The effects of dance on fall-related self-efficacy and quality of life, and the relationship between psychosocial and physical effects in older adults in New Zealand

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Russell, Tania
Author ORCID Profiles (clickable)
Master of Osteopathy
Unitec Institute of Technology
Bacon, Catherine
Moran, Robert
Masters Thesis
Ngā Upoko Tukutuku (Māori subject headings)
successful ageing
fall risk
psychosocial factors in fall risk reduction
Dance Mobility program
Unitec Institute of Technology
Selwyn Retirement Village (Point Chevalier, N.Z.)
ANZSRC Field of Research Code (2020)
Russell, T. (2013). The effects of dance on fall-related self-efficacy and quality of life, and the relationship between psychosocial and physical effects in older adults in New Zealand. (Unpublished document submitted in partial fulfilment of the requirements for the degree of Master of Osteopathy). Unitec Institute of Technology, Auckland, New Zealand. Retrieved from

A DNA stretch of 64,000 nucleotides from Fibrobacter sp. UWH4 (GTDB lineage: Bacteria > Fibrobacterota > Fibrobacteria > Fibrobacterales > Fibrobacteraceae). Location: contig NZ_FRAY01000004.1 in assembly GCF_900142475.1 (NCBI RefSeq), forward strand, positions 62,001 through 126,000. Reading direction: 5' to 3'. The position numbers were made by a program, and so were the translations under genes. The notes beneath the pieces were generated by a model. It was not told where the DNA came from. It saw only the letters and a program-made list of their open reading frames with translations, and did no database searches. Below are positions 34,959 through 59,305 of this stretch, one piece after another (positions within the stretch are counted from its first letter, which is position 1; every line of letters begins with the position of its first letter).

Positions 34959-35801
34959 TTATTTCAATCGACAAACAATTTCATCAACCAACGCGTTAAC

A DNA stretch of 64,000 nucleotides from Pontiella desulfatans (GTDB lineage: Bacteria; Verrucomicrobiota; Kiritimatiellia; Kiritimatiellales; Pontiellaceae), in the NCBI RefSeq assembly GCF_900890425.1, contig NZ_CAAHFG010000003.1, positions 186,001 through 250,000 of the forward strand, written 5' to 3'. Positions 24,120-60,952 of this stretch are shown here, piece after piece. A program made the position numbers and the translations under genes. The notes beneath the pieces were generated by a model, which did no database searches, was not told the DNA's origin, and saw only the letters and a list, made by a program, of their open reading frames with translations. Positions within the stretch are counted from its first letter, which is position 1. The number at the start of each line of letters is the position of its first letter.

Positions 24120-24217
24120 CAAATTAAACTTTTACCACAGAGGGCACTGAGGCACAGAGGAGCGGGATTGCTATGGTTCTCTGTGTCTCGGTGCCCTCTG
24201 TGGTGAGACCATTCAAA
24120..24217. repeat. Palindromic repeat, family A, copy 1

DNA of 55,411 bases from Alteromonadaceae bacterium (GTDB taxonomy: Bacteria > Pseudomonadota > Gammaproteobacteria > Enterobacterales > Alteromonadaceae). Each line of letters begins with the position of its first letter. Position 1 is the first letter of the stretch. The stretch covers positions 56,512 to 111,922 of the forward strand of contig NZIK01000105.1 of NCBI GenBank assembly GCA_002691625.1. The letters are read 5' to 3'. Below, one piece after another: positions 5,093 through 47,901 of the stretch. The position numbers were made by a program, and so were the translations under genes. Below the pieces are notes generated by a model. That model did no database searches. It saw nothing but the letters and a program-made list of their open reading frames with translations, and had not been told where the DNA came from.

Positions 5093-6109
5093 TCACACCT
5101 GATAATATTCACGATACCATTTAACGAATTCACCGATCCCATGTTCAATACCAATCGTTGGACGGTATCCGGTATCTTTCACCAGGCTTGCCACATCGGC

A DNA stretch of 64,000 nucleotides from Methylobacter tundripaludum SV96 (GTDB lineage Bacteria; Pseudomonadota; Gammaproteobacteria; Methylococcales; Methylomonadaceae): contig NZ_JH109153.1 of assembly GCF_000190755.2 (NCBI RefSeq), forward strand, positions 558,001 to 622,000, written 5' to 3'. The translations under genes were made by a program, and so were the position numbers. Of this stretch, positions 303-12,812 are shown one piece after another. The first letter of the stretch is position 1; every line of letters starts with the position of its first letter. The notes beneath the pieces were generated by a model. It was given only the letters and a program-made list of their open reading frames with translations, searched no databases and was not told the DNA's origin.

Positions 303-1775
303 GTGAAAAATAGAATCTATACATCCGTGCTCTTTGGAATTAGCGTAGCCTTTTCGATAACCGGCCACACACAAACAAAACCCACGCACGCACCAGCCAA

There are physical and psychosocial factors that contribute to and predict falls and successful aging in older adults. Interventions which can improve these factors present an opportunity to reduce the social and economic costs associated with aging, which are forecast to escalate over the next two decades (Statistics New Zealand, 2009). The aims of this thesis were to review psychosocial factors associated with successful aging, including reduced falls risk, and current interventions thought to improve these factors, and to investigate whether dancing as an intervention in a New Zealand setting has any effect on these psychosocial factors in independently-living older adults within New Zealand. An investigation into the physical factors associated with aging and the effects of dancing as an intervention on these physical factors forms the basis of another thesis undertaken concurrently. This thesis consists of a literature review followed by a manuscript. The literature review introduces fall risks and successful aging in older adults and specifically provides a rationale for the importance of investigating psychosocial factors in addition to physical factors. Interventions that may improve these are outlined, including a rationale for investigating dancing as one of these interventions. This is followed by an in depth review and analysis of studies already undertaken into the effects of dancing on psychosocial factors associated with falls risk and successful aging in over 65 year olds.The manuscript that follows details a double cohort pilot study in independently living over 65 year olds in New Zealand that investigates the effects of two dance programs on two psychosocial risk factors associated with falls risk and successful aging: fall-related self-efficacy and quality of life and the relationship of these psychosocial factors to physical factors. The Dance Mobility program was organized by DANZ and Creative Communities and based on contemporary dance and ballet exercises ; the folk dance program was organized by Unitec New Zealand in conjunction with Selwyn Retirement Village. This manuscript follows the format expected by the Archives of Gerontology and Geriatrics (Elsevier) journal, available at Appendices to this thesis contain ethics letters, research questionnaires and additional full result tables with baseline and follow-up data.
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